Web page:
It’s been almost a month since National Summit Day, so I am very, very, very overdue in sharing this trail! Between camping trips and writing about Virginia, I’m behind in covering some of our TN hiking adventures, and this one is a great place to start.
We did this trail shortly after getting into our new house. After a week of unpacking, painting, and unpacking some more, we knew we wanted to get out on the trail as a family. And since the buzz around Backpacker’s National Summit Day tugged at my instagrammer heart, I figured, we’re in a place where the mountains AREN’T a two hour drive now, let’s take advantage of it and find some views! So I set out to find a summit. And was quickly reminded of why I started blogging about our hikes in the first place–it is so hard to find trail recommendations for small children that aren’t just nature parks!
Sunset Rock on Lookout Mountain came up in my searches repeatedly however, and after looking at several websites I decided we would hike to it from Cravens House. The internet promised ample parking and the option of a 1.5 mile out and back, which seemed more than doable for us–long enough to feel like a hike, but short enough that it wouldn’t eat up our entire day.
The trailhead is easy to find, and the trail itself starts off relatively flat, before taking a left turn after a couple tenths of a mile. From there the trail follows a gentle incline up the west side of the mountain for the remainder of the first mile. This stretch of trail is wide, well-worn, and had we not been worried about time, I would have definitely let Sebastian walk on his own. At one mile, a second trail branches off to the left to go to Point Park, and the Cravens Trail continues to the right. Here, the elevation gain increases a little, as do some hazards that would make this a little more difficult for a toddler–bridges, steps up onto rocks, and some pretty severe drop-offs on the west side of the trail. That said–there is so much to look at. The views themselves – even through trees thick with summer leaves – gave us a wonderful taste of the lowering sunlight, and on the east side of the trail water runoff created several mini-waterfalls, which both kids loved watching. We also saw several really intricate spiderwebs, which was a highlight for my arachnid-obsessed five year old.
The last tenth of a mile on this trail is the kicker. After passing the sandstone bluffs that make up the overlook, a set of stone steps jack-knives back towards them, and those steps are no joke. They are steep, narrow, and have a very high rise. Even with the benefit of a handrail, tiny legs will definitely need grown-up assistance, as some of them I’m pretty sure are taller than Sebastian’s legs.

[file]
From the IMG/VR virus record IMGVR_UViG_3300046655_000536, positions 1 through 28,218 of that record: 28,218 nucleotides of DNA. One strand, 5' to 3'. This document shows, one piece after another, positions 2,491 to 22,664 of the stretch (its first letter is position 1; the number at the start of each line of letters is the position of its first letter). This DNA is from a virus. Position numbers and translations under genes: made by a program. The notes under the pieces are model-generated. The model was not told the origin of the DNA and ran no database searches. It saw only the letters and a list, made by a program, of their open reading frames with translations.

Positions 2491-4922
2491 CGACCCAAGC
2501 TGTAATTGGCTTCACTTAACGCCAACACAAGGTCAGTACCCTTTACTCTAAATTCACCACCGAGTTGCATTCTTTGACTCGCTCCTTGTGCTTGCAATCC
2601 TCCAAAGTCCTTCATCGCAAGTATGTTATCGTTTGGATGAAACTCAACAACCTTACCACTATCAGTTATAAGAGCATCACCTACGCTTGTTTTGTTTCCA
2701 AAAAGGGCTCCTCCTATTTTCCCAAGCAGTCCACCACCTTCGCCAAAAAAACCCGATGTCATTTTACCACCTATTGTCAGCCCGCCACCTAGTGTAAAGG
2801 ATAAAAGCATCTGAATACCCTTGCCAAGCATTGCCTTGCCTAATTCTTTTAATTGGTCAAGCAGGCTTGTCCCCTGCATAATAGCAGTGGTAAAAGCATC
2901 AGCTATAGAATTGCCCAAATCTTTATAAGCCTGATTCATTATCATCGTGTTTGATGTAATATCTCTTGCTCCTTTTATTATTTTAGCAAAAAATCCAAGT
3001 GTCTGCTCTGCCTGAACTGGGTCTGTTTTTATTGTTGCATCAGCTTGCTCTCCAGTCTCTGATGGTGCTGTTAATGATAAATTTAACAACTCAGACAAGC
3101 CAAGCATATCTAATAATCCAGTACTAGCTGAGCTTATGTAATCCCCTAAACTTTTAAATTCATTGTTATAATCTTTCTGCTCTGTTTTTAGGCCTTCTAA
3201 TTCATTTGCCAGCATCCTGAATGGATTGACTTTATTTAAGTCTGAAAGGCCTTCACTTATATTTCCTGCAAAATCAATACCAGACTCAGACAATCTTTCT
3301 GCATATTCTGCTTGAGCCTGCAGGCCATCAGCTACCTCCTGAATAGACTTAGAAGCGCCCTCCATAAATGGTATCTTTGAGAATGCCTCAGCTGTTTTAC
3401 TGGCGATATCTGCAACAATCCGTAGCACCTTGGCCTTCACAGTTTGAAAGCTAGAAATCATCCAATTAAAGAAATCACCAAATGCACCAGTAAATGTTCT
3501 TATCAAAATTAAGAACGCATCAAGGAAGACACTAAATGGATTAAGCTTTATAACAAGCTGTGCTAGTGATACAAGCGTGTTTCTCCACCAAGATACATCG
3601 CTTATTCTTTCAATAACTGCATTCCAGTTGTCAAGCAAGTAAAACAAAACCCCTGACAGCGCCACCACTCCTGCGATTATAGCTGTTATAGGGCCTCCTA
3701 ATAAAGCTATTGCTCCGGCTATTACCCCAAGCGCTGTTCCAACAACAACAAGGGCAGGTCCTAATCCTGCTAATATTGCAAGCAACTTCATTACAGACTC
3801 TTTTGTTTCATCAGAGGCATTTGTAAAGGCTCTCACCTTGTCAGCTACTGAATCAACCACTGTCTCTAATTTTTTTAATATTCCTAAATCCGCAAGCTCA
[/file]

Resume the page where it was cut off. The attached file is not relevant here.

The top though–the top is so, so worth it. Spectacular views over the watershed plains, the iconic Moccasin Bend, and the city itself, and a wide open view of the western sky to watch the sun sink behind the mountains in the distance. From a kid-friendly standpoint it was a little nerve-wracking, just because of the severity of the drop-off, but there is enough space at the top that both kids were able to run, climb, and even splash in a few puddles leftover from the week’s rains. We had a picnic dinner while we admired the golden light spilling over the landscape, and chatted with several other families who came in from the .1 mile hike from a parking lot at the top of the mountain.
Unfortunately, we did not get a chance to see how the trail is heading back down the mountain. As Billy was getting Sebastian into the deuter, it tipped backwards and Bastian cut his head on a rock when it fell–not knowing just how bad it was, we accepted the help of a family who offered to drive Billy back down to our car, and I hiked the short trail up with both kids to the upper parking lot. It turns out Bastian was fine–he calmed down before I had even started walking–and it afforded me a chance to see this stretch of the hike. It is obviously much shorter, and it’s downhill to the viewpoint, but I think the hike from Cravens House was definitely the way to go. Fewer people, more chance to soak in the woods, and it makes the view that much more rewarding once you’ve done the extra work to get there.
Overall Family-Friendly Rating: 4/5. The are definitely hazards on this trail, but with attentive adults and a carrier on hand, it’s a great option to combine a little adventure with breathtaking views. There is enough space at the top to be able to enjoy the overlook while keeping the kids a safe distance from the edge, while still giving them rocks and trees to play on. Honestly the biggest detractor for me was just the sheer number of people who had congregated the closer we got to sunset–but we expected that, knowing this was one of the most popular views in the city. I can see this easily becoming a place we come back to, and I look forward to seeing how different it looks as the seasons change.
Note: There is signage everywhere indicating this, but the parking lots close at dark, and I have heard this is very strictly enforced. If you are planning a sunset hike, make sure you are aware of how quickly you can make it back to your car, as if you don’t get back until after dark you may not be able to drive out. Have a carrier on hand for young walkers to make sure you can move at an adult-pace on the way out if necessary.